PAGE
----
high enough? Does it have sagged out springs or a front tire with a low profile?
It can also have forks bent straight back towards the engine. It may track
straight but not turn properly. If it wants to stand up and go straight in
the curve, maybe the front tire is too big, the rear too small or the rake too
great. When the dealer got the BMW it was neutral steering. You may
not care about neutral steering, but you better be concerned to find out what
9. The US forks and the /5 and later have a reputation for
wobbling. It is only partly true. If the forks are properly aligned
they won't have stiction. This can be a very
important factor in wobbles, especially high speed wobbles. The forks may
need to go through the alignment procedure to work
Testing for high speed wobbles
This requires a lot of experience, paid up life insurance and a bit of
insanity.... maybe more than a bit. I will describe my worst
Chris Blum, my parts man at BMW of Marin bought a new 1972 R75/5 in curry color.
The only modification was mounting European low bars. By 2000 miles he
complained about a wobble and was afraid to take it up in speed.
Everything mechanical was perfect and we could find no error. The tires
were in balance and only took minimal weight. The rims were quite true.
All bearings were tight.
I was sort of doubting that it had a problem worth mentioning. Maybe
Chris was super sensitive and was complaining about a quiver, not a full wobble.
As the owner of the shop, I had the most experience with wobbles. I put my
riding stuff on and prepared to take it out for a ride. Chris' last words
were, "Watch it, this thing is dangerous."
I took it out on a seldom traveled road to perform the tests. It had a
minor low speed wobble, but it damped out easily by putting my hands on the
bars. Many bikes had worse low speed wobbles and no evidence of high speed
instability. I rode it up to about 75-80 and while keeping my hands on the
bars, gave it a shake. Each one was solid and normal feeling.
I started the high speed tests at 50-55 mph and it showed no instability at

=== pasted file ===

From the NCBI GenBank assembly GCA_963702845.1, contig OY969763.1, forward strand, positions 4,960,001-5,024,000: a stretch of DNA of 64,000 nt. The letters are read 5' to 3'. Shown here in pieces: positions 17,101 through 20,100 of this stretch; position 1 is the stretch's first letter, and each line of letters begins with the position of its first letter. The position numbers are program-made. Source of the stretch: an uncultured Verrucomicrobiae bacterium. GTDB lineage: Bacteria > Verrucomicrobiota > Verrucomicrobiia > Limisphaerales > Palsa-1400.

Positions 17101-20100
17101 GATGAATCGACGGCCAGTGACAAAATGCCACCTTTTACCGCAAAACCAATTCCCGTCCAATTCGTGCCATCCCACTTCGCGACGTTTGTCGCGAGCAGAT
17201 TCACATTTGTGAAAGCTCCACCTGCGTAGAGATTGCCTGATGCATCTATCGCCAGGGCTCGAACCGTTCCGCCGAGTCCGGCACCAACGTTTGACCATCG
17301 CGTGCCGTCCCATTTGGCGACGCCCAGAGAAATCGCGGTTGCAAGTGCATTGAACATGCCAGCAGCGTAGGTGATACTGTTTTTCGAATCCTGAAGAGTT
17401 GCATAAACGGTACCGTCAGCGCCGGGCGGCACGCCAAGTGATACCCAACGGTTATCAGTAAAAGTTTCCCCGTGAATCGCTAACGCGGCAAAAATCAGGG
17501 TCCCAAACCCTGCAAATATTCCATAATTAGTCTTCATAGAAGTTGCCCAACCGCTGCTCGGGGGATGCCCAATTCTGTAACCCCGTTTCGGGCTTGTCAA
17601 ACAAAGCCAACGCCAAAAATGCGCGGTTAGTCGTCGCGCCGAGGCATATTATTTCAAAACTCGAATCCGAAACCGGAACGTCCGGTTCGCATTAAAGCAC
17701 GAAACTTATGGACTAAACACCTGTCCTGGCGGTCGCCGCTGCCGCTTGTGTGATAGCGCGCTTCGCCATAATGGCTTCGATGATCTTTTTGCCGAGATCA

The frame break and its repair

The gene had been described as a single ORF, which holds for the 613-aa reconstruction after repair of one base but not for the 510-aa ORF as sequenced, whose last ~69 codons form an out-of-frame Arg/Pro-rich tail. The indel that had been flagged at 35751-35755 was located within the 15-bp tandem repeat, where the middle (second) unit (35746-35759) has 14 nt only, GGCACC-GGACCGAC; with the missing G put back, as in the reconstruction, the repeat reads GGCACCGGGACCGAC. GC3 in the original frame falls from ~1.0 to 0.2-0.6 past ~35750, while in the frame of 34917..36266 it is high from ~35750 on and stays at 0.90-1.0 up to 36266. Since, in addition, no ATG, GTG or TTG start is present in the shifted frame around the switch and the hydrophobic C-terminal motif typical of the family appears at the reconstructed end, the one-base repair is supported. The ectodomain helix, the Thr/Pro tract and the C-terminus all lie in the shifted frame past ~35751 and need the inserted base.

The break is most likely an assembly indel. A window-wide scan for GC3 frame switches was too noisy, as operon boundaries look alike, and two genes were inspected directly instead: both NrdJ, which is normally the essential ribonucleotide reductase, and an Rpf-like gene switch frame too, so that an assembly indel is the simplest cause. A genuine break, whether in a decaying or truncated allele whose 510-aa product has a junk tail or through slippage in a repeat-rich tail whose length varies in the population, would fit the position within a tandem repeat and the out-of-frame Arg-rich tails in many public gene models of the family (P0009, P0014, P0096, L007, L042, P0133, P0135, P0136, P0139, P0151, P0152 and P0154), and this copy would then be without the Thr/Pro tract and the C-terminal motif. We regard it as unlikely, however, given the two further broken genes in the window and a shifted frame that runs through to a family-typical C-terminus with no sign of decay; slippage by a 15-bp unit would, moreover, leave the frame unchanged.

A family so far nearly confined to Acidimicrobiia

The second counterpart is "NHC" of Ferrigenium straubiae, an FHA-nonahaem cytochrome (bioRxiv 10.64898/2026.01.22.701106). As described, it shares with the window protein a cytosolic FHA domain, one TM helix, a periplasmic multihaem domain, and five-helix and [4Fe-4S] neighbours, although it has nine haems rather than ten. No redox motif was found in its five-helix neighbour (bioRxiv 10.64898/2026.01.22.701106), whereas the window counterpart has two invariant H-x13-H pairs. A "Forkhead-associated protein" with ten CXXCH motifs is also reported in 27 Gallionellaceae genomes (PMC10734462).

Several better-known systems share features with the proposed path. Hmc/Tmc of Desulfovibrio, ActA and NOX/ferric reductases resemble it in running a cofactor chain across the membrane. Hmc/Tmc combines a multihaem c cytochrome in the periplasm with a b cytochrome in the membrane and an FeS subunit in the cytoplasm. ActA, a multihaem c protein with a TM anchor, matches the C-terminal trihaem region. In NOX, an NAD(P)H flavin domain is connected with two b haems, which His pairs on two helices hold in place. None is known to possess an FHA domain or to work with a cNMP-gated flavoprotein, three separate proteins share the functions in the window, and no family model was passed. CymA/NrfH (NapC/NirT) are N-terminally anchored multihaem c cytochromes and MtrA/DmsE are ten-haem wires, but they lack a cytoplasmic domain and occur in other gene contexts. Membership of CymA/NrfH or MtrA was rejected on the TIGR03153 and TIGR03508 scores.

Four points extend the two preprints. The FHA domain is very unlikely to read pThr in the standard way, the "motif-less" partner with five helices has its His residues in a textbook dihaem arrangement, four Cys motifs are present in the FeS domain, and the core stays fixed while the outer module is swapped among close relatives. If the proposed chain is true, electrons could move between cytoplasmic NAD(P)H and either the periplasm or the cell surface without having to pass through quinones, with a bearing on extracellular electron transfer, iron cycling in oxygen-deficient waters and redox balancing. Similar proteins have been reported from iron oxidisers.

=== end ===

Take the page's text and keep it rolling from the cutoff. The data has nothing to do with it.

all. I repeated it at 60 and it was as solid as a rock. I did the
same at 65 mph and the forks went into a full wobble instantly. There was
no time to do anything. Had my hands been on the bars, my fingers would
have been crushed by the wildly swinging bars. The front tire was skipping
and airborne. It would come down at the end of the travel and make a huge
squeal. The front wheel would become airborne again and head for the other
stop. This happened about 10-12 times in maybe one or two seconds. I
wasn't paying close attention to my watch. My only reaction was to try to
sit down again. Due to the added biomass, or some unknown factor, the bike
snapped out of the wobble. It dampened out as fast as it started.
I immediately stopped and got off. I was so scared and weak kneed that
I could barely put it on the center stand. I just fell to the ground and
was in complete shock. Finally, I recovered enough to get up and ride the
bike back to the shop. My employees had a new aspect to think about.
We got into the truck and drove back to the scene. This was an hour
later and I was sort of OK by this time. We examined the tire tracks. Every 15-20 feet there was a 2 foot
black mark and each was about 90 degrees from the previous one. The marks
weren't straight, but oddly shaped. You could see where the tire smashed
back down on the pavement with a wide part and then the traction and trail
forced the wheel to correct. This correction was enough force to whip the
bike back into the air with the tire again off of the ground. If one drew a
line through all of the "left" tracks and another through the "right" tracks,
they were about 3-4 feet apart.
The only thing that we found wrong with this new motorcycle was that the
forks were not in alignment. It showed very little stiction. The
forks were .006" out of alignment in both planes. The BMW spec was .004"
and so it was very close. We had been aligning forks for about a year to
.002", but we had never suspected that such a small error could cause such a
wild wobble. We changed our previous spec to .001" or better. After
all, what is wrong with perfect? The alignment procedure fixed the bike and it
never gave a problem again.
Earles forks on the /2
BMW introduced the Earles forks in 1956 to appeal to the sidecar driver.
They have the characteristic of being very soft and comfortable. For the
sidecar the allow braking while maintaining a constant wheel base length, a good
thing for sidecars. Earles forks are heavy and swing slowly. The
unsprung weight is, however, very light. For solo
sport riding, the Earles forks are a poor choice.
This configuration has unfairly been criticized for being susceptible to
wobbles. That is simply untrue. Any motorcycle can wobble, it is the
nature of the beast. There is nothing wrong with the design of the Earles
forks or /2 frame to make it wobble. At this point, only a bare bike as